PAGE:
A closeup photo of a pile of dirty pennies.

Paying Disabled Workers Fair Market Wage Isn’t Just Ethical…It’s Economical

It was a hot summer and I was on the longest road trip of my life when I found the perfect product, something that would keep the heat at bay. It was exactly what I needed and only one small company sold it. That would be the end of a rather ordinary story if it weren’t for the words boldly emblazoned on the company website: “Manufactured locally in partnership with a Missouri Sheltered Workshop.”

“Sheltered workshop” is an increasingly outdated term for what the Department of Labor now calls “work centers.” When the Fair Labor Standards Act of 1938 (FLSA) was passed, special provisions were made, authorizing employers to pay disabled workers less than the established minimum wage — often a token pittance. The certificate that allows an employer to pay below minimum wage is called a 14(c) certificate because the rules for such workplaces are explained in section 14(c) of the FLSA.

There are 90 sheltered workshops in the state of Missouri, employing over 6,000 disabled workers. Nationwide, around nearly 250,000 people work in sheltered work centers that are permitted to pay less than minimum wage.

The system is allegedly set up to help disabled workers transition from sheltered work to the open labor market, but in reality workers end up staying in exploitative labor situations for years or even decades.

There was no way I could buy something that was manufactured in a sheltered workshop without going against everything I hold to be true and ethical and just. So I wrote to the owner, telling her how perfect her product was but expressing my reservations about the method of their manufacture. I needed to know what my money would be supporting if I made the purchase.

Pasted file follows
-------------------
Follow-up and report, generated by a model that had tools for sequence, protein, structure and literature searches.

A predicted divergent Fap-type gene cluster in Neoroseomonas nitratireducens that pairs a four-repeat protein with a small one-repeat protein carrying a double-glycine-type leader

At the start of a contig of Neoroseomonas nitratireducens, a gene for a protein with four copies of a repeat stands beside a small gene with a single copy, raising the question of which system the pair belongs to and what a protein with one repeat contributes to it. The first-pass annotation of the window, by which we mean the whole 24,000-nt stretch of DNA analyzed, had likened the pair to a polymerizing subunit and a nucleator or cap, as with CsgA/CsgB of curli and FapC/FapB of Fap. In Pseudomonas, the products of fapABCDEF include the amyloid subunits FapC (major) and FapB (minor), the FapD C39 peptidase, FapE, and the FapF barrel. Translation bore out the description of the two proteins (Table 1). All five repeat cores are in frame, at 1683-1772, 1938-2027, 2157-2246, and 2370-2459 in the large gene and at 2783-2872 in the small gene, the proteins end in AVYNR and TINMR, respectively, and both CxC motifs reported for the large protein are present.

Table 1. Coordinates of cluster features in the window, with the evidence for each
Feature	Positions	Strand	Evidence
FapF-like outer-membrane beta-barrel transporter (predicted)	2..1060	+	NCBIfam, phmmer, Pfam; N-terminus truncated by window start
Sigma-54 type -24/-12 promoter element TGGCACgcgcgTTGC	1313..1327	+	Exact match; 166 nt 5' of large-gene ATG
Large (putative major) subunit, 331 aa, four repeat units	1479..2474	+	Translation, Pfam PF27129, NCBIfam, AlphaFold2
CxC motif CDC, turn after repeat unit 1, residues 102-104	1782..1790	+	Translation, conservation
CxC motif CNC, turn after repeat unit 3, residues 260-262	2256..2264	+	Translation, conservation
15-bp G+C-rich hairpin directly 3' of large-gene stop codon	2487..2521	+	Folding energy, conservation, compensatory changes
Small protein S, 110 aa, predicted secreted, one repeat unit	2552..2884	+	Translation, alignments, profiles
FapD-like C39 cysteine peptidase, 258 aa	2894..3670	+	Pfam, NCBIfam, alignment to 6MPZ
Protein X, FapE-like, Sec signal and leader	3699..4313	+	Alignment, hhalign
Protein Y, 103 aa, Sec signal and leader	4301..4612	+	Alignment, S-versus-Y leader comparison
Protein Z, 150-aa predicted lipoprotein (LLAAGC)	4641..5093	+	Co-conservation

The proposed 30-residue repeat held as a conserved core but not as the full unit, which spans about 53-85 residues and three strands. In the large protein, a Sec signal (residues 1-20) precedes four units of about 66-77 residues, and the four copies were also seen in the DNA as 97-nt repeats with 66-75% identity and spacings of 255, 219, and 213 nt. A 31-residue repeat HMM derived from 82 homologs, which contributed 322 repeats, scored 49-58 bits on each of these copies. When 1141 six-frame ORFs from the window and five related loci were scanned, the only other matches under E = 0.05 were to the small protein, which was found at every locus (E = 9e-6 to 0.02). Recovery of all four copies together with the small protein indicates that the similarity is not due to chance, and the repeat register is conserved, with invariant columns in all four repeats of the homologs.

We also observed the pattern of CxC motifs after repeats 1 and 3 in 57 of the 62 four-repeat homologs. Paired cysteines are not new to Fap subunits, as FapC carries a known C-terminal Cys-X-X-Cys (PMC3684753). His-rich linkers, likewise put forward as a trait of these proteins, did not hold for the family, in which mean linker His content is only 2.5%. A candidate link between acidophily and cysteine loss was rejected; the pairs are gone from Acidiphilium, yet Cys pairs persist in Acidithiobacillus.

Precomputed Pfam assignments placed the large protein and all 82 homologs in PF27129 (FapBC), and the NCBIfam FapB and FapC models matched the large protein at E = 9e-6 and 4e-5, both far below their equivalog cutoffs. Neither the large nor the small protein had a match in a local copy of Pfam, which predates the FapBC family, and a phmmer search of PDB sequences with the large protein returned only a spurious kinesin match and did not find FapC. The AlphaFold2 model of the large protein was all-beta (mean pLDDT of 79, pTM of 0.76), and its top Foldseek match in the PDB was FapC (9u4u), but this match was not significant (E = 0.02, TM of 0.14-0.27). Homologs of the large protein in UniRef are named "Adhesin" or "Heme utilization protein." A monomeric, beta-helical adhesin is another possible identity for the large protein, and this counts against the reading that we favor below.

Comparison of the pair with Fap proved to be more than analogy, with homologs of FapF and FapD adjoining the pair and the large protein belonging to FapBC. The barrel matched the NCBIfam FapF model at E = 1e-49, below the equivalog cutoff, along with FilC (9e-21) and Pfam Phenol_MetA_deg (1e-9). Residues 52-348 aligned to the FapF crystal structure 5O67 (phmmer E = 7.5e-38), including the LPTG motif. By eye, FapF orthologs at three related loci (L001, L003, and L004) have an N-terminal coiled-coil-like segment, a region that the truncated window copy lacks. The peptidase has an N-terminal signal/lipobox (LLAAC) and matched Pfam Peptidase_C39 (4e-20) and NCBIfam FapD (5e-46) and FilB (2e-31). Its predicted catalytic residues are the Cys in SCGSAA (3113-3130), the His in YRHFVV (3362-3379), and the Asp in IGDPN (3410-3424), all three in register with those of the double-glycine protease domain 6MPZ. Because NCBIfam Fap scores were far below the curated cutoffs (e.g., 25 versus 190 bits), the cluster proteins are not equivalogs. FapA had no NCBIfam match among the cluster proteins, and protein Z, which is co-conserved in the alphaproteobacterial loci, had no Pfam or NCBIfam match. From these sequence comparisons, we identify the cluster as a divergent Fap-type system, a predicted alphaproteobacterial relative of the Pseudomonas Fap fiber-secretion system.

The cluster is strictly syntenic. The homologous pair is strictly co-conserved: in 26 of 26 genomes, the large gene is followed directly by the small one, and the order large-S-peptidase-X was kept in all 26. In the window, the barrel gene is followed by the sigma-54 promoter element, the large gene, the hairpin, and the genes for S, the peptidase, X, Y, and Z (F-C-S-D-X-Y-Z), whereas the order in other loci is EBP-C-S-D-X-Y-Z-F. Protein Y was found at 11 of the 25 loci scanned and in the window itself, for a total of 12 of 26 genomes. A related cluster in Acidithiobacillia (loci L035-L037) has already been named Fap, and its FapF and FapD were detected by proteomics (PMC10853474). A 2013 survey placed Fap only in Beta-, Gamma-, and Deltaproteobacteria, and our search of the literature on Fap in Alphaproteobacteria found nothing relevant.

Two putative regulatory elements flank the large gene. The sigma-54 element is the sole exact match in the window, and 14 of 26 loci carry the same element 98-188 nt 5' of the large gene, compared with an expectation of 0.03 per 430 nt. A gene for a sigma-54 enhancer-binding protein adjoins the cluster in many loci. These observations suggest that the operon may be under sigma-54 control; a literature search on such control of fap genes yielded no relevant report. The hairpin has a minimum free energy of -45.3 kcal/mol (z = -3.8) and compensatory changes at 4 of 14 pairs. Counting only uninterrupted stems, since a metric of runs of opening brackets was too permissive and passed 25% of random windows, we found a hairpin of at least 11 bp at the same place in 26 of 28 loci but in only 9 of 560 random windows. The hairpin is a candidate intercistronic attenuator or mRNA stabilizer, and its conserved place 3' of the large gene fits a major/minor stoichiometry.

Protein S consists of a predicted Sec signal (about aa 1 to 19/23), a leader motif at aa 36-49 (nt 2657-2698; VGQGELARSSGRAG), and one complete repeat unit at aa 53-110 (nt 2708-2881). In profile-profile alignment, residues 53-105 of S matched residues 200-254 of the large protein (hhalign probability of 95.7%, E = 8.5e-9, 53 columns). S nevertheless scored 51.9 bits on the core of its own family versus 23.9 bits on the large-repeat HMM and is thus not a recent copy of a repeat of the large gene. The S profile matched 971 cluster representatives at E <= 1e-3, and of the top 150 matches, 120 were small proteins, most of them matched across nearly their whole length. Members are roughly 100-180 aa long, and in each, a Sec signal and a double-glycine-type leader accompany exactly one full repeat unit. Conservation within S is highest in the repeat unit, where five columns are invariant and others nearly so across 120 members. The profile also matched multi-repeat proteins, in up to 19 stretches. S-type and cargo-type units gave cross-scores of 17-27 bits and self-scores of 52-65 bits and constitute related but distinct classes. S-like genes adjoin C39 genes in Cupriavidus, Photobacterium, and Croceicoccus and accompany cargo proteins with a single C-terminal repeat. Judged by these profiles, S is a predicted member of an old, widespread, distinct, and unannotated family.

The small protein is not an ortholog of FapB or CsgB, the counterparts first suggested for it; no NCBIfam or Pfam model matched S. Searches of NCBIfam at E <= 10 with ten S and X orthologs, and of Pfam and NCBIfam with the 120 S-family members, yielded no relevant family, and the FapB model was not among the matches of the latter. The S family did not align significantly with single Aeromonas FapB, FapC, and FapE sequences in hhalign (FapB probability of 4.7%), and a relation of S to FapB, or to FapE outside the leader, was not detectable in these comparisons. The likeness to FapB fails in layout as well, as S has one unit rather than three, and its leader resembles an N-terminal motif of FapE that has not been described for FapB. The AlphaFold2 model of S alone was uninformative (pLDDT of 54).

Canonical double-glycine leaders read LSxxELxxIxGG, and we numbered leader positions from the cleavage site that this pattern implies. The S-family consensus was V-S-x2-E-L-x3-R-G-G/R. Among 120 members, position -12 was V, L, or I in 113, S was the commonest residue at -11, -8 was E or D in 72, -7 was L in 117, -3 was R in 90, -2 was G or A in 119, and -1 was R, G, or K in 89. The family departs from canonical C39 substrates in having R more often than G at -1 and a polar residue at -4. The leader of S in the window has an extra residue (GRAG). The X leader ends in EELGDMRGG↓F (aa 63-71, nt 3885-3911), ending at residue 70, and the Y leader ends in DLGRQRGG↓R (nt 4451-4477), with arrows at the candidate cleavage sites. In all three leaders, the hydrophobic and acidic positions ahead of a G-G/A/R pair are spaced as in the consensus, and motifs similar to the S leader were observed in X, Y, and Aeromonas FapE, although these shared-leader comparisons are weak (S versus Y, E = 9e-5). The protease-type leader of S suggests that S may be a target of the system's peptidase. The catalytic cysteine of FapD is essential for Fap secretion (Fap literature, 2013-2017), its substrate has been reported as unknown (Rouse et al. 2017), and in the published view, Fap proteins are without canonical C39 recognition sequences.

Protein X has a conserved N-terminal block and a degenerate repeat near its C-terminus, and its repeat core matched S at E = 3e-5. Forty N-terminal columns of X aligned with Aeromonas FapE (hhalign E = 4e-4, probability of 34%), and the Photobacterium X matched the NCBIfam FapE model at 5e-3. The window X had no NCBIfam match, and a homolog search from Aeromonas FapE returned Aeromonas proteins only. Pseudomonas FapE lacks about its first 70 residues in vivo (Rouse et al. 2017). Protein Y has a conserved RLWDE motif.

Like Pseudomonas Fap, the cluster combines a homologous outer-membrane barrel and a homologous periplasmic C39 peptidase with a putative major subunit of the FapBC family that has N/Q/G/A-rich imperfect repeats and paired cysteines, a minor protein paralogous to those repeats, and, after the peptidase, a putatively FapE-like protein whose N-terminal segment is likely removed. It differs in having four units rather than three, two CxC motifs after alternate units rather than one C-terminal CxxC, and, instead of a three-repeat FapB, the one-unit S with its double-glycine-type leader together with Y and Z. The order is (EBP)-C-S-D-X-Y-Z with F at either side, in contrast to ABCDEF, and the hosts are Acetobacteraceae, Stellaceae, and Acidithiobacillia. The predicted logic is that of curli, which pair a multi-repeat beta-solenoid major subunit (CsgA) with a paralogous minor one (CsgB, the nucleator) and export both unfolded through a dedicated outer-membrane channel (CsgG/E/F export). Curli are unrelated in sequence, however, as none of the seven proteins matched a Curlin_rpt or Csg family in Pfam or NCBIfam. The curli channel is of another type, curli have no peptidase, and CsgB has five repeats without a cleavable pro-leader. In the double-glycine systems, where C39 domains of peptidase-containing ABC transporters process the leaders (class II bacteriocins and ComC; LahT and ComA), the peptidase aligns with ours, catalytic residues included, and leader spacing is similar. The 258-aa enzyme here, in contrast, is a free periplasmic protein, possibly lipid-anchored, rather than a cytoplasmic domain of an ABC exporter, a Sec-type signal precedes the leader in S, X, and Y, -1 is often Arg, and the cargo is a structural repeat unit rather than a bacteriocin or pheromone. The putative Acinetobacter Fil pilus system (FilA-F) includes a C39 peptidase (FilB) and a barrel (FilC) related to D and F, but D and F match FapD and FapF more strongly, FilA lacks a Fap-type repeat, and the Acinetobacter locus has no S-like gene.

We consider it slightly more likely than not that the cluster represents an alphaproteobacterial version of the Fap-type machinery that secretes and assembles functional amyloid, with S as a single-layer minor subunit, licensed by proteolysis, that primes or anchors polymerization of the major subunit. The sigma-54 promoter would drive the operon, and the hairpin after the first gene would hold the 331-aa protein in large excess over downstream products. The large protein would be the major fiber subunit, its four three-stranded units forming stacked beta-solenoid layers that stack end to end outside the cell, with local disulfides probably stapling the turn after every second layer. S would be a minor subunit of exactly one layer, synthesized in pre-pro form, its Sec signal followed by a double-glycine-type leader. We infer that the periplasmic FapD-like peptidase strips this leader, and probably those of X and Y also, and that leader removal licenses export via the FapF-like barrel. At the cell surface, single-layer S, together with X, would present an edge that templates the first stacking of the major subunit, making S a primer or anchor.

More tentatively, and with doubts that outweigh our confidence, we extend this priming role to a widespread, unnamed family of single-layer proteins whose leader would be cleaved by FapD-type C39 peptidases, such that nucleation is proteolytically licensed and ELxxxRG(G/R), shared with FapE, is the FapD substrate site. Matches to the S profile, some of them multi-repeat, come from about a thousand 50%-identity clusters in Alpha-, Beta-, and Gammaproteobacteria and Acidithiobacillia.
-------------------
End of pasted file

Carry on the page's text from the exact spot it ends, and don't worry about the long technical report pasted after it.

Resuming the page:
I guess I was hoping she would write back about some mythical sheltered workshop where everyone was being paid at least minimum wage and the program was actively working on helping employees transition to supported work in the community. But what she wrote back dashed cold water on that dream:

“We are very proud to be utilizing the services of a local Sheltered Workshop, which by definition means ‘a private non-profit, state, or local government institution that provides employment opportunities for individuals who are developmentally, physically, or mentally impaired, to prepare for gainful work in the general economy.’” she wrote. That would be great if the workers were paid fairly and if the programs really were preparing employees for gainful work in the general economy.

Instead, workers in most sheltered workshops are paid piece rates, a business model so exploitative that laws require employers to make up the difference when piece rate falls below minimum wage…unless the employer holds a 14(c) certificate, in which case it’s legal to pay pocket change for hours of labor. Moreover, sheltered workshops are isolated from the community, which is a violation of civil rights, due to the heightened risk of exploitation in isolated settings. As if all that weren’t outrageous enough, the Government Accountability Office reports only 5% of sheltered workshop employees leave to work in the community.